Monday, May 07, 2001
Heritage monument stolen
Statues defaced elsewhere in urban parks
By Allen Howard
The Cincinnati Enquirer
A thief walked off with a 150-pound German heritage historic marker in Clifton's Fairview Park over Easter weekend.
It was the third reported vandalism to German monuments in the city over the past year. The vandalism has raised concern among German heritage groups locally, but parks officials say the incidents likely are part of random defacing in urban areas.
The stolen monument.
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Honorary consul Richard Schade (second from right) with German American Citizens League members at the monument site: Don Tolzmann, Regina Schnetzer, Helen Gripkey and Manfred Schnetzer.
(Tony Jones photo)
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Last August, someone scratched a telephone number on a statue that honors Friedrich Hecker in Over-the-Rhine's Washington Park. Hecker founded the Turner Society, a civic organization that promotes gymnastics and education, after he came here as a refugee in 1848. He lived from 1811-1881.
Vandals also spray-painted a statue in Inland Park in Mount Auburn. That statue depicts Friedrich Ludwig Jahn, known as the father of gymnastics and playgrounds in Germany. He founded the Turner Society in Germany and lived there from 1778-1852.
Don Heinrich Tolzmann, president of the German American Citizens League of Greater Cincinnati, said he isn't sure if someone is targeting German markers deliberately or if the vandalism is random.
The markers and monuments represent a part of the German heritage, Mr. Tolzmann said. To see them marred, scratched and painted means we are losing that fabric of our heritage.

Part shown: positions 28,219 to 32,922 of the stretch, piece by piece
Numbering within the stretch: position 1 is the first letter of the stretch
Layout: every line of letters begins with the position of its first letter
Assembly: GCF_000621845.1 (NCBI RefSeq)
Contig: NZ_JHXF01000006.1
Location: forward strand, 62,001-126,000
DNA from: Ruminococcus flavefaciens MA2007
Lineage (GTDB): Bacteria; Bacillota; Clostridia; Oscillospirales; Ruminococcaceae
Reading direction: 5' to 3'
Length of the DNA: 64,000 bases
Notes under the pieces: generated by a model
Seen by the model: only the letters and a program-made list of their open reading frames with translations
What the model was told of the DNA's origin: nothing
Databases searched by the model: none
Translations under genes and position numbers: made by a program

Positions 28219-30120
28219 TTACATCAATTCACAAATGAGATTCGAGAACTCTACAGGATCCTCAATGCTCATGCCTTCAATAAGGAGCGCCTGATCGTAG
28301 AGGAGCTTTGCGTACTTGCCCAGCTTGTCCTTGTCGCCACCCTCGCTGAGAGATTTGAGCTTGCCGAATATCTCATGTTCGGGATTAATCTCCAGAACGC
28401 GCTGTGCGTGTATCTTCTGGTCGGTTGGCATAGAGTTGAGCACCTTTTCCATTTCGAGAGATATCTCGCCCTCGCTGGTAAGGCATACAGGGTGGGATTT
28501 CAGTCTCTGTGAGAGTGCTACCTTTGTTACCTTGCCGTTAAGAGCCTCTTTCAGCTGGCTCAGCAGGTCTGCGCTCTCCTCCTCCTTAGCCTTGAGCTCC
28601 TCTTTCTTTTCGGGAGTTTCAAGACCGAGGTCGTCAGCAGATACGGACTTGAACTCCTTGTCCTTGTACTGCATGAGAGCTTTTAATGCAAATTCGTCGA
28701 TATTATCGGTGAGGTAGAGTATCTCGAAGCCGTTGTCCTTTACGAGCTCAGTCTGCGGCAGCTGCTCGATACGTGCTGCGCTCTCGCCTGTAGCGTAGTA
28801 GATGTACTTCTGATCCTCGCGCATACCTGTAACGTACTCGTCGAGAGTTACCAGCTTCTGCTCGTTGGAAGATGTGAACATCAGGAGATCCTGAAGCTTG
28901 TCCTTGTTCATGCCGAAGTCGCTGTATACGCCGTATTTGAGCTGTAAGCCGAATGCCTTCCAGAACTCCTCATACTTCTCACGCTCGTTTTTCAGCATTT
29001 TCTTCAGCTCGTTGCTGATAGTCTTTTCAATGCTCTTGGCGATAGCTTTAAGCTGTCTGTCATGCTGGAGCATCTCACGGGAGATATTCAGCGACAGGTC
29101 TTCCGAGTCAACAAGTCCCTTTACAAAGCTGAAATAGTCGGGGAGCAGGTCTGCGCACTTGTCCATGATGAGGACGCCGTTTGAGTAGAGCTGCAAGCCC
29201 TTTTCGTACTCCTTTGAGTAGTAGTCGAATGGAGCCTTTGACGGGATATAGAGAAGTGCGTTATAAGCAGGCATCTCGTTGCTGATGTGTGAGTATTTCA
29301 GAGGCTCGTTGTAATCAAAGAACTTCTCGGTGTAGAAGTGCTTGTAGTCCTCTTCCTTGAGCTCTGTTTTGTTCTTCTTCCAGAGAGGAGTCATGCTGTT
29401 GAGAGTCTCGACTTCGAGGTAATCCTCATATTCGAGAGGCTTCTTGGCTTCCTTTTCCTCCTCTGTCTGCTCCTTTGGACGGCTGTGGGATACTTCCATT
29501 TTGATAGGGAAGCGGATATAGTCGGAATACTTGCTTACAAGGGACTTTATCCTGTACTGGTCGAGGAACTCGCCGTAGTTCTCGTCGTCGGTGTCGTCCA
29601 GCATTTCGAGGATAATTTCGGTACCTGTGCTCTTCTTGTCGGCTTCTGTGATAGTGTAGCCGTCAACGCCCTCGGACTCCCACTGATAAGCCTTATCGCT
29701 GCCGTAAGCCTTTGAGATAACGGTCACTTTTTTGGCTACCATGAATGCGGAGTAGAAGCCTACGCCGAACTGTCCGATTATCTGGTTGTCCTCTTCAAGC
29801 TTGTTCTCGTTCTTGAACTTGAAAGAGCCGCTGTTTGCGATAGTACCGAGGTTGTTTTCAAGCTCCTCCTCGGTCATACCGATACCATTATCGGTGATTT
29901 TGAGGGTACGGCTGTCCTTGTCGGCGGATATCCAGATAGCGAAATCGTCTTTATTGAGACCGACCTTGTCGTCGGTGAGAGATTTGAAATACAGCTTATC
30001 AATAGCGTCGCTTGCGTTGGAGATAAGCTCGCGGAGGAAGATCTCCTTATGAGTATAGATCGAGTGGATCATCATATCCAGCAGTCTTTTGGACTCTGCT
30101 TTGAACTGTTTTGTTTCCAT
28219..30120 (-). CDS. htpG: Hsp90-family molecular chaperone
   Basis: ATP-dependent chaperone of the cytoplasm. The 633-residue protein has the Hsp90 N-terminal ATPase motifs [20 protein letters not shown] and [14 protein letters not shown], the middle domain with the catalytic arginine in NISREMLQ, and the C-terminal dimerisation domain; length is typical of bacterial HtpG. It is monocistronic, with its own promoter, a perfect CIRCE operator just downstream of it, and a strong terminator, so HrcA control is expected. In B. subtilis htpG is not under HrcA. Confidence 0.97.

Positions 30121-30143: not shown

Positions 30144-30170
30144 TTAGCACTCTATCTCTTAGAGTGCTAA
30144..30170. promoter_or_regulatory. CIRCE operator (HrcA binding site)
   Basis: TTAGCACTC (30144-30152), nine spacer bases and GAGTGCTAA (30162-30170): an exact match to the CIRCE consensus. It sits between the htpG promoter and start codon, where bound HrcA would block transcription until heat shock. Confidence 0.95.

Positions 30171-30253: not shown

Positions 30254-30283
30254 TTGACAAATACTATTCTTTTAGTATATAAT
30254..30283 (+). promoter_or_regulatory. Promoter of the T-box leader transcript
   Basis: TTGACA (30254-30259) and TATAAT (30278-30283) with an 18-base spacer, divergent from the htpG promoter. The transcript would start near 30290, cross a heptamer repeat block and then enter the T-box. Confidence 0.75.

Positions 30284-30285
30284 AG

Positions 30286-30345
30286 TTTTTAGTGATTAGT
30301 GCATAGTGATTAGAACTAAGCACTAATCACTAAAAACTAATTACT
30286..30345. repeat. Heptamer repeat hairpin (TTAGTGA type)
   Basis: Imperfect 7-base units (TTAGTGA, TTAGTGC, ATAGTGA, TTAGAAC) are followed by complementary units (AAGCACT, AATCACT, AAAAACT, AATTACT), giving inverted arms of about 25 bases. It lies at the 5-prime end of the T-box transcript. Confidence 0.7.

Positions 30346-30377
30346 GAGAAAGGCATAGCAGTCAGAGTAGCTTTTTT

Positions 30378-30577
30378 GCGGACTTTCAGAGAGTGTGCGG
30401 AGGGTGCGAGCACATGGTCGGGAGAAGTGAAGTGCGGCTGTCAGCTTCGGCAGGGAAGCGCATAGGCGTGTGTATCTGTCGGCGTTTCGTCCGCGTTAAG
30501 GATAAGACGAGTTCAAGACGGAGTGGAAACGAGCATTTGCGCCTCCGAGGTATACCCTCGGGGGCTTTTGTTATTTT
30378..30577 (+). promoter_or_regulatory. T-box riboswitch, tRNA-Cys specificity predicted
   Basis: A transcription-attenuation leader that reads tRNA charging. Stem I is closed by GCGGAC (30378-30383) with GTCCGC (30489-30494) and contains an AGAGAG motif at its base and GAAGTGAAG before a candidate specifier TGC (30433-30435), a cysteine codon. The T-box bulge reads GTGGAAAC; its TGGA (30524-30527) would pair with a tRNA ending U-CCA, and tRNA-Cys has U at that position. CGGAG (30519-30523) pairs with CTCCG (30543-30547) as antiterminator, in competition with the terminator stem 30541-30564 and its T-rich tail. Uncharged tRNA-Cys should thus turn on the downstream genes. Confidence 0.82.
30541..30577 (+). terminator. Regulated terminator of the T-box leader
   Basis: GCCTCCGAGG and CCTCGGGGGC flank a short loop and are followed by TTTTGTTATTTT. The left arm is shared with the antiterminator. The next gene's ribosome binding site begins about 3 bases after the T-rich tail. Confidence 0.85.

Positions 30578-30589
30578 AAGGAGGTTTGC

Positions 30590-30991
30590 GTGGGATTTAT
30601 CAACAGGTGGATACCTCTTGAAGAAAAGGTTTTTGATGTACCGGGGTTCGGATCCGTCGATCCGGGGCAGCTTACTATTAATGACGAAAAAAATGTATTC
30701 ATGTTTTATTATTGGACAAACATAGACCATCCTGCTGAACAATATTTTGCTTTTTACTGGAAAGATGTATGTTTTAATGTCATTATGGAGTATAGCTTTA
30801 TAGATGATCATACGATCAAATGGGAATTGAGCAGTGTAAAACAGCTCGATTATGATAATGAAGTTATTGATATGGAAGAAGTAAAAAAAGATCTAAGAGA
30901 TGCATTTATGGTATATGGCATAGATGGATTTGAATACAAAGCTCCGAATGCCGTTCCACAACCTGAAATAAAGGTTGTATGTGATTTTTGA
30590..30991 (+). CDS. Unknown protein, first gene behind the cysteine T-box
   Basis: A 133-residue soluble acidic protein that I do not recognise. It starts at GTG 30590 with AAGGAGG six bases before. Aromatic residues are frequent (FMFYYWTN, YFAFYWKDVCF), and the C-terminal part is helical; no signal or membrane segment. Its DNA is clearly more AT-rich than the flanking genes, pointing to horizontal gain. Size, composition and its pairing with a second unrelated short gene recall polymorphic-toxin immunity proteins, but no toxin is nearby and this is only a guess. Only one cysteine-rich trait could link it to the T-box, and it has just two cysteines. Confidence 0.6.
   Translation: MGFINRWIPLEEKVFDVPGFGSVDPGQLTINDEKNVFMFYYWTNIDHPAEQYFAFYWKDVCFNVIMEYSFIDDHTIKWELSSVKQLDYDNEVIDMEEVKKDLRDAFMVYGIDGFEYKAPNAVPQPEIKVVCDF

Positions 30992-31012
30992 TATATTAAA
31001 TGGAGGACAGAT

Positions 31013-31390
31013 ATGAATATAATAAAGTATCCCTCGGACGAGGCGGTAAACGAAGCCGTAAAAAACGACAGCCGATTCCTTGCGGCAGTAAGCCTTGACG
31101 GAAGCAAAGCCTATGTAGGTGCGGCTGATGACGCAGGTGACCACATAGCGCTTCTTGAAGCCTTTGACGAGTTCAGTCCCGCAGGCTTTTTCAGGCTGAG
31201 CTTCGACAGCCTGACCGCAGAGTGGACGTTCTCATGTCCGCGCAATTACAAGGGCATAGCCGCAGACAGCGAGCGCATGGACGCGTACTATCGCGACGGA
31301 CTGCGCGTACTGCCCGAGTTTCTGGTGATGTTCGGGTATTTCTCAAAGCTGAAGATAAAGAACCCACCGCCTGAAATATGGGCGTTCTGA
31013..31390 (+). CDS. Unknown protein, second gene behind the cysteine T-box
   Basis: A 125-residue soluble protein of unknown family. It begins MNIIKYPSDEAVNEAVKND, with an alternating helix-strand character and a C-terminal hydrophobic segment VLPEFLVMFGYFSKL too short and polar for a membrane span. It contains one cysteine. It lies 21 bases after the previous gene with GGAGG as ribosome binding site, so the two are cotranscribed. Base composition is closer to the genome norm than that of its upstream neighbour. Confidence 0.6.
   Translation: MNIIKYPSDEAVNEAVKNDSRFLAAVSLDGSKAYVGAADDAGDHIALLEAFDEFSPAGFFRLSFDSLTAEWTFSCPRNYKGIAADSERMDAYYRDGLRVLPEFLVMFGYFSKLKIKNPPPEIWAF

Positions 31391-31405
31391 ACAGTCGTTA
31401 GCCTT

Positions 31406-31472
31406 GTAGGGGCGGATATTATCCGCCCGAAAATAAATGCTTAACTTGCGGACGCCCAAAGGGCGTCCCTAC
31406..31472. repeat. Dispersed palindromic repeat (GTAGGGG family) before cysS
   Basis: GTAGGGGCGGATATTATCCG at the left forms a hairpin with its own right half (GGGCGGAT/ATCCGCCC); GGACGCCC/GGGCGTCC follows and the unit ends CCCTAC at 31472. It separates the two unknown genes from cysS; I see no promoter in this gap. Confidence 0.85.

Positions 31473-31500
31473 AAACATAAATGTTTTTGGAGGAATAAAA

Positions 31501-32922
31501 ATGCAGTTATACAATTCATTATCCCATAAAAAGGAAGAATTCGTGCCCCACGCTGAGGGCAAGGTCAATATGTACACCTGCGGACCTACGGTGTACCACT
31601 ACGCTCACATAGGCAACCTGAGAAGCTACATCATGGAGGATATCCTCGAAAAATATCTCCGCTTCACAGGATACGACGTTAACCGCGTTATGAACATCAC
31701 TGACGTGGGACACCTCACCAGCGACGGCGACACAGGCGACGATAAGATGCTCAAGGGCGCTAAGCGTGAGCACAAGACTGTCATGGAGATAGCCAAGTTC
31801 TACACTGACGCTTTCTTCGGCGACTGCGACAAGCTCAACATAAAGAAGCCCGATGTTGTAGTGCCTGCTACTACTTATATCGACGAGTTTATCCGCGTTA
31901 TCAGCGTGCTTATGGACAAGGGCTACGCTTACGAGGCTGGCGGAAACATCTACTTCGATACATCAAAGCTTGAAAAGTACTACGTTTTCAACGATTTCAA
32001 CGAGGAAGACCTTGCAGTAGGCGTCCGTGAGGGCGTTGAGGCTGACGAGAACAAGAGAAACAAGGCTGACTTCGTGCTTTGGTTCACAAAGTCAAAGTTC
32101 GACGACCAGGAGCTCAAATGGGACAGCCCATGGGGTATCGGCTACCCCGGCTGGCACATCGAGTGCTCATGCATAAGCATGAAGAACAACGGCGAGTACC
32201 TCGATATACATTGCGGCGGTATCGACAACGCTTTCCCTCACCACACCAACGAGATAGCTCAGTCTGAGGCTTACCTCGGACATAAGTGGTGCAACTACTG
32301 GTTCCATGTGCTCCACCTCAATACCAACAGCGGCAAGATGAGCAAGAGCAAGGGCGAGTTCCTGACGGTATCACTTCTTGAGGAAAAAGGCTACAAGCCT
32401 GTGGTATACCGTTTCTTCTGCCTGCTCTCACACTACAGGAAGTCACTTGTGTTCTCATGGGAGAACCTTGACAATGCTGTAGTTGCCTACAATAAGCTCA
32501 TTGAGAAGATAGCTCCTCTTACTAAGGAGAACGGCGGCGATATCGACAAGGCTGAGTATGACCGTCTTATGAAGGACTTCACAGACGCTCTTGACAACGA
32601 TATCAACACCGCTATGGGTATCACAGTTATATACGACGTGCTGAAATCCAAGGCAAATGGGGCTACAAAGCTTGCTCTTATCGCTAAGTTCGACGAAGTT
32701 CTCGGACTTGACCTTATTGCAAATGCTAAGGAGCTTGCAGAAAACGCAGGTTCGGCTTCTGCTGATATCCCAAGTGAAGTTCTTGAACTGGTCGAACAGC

Willie F. Carden Jr., director of parks, said he is very concerned about the vandalism, not only to German monuments, but to buildings, fountains, benches and other markers in all parks.
Mr. Carden added that he doesn't think that there is a hate group targeting German markers.
I think this was a group of kids or young adults pulling a prank, Mr. Carden said.
(Graffiti creators) seem to think spreading paint is some kind of art. They spread it everywhere, he said.
The missing Fairview Park marker was donated in 1993 by the German American Studies Program at the University of Cincinnati and the Ohio Historical Society.
The marker was mounted on a post on the southeast side of Fairview Park, overlooking much of downtown Cincinnati, including Over-the-Rhine, a predominantly German settlement in the early 1800s.
On one side of the marker are listed the Cincinnati streets with German names that were changed to American names on April 9, 1918. The other side of the marker carries the message that once war was declared on Germany, a tragic display of hysteria was directed at Germans.
I think people see German writings on the monuments and they think Nazi, said Richard E. Schade, Germanic Languages and Literature Director at University of Cincinnati and an honorary consul of the Federal Republic of Germany.
Manfred Schnetzer, vice president of the German-American Citizens League, thinks the monuments should be fenced in.
Mr. Carden said he didn't agree with that suggestion.
All the incidents puzzle Helen Gripkey, of White Oak.
I would just like to know why. I think this is very bad that someone would destroy a monument that means so much to us, she said.
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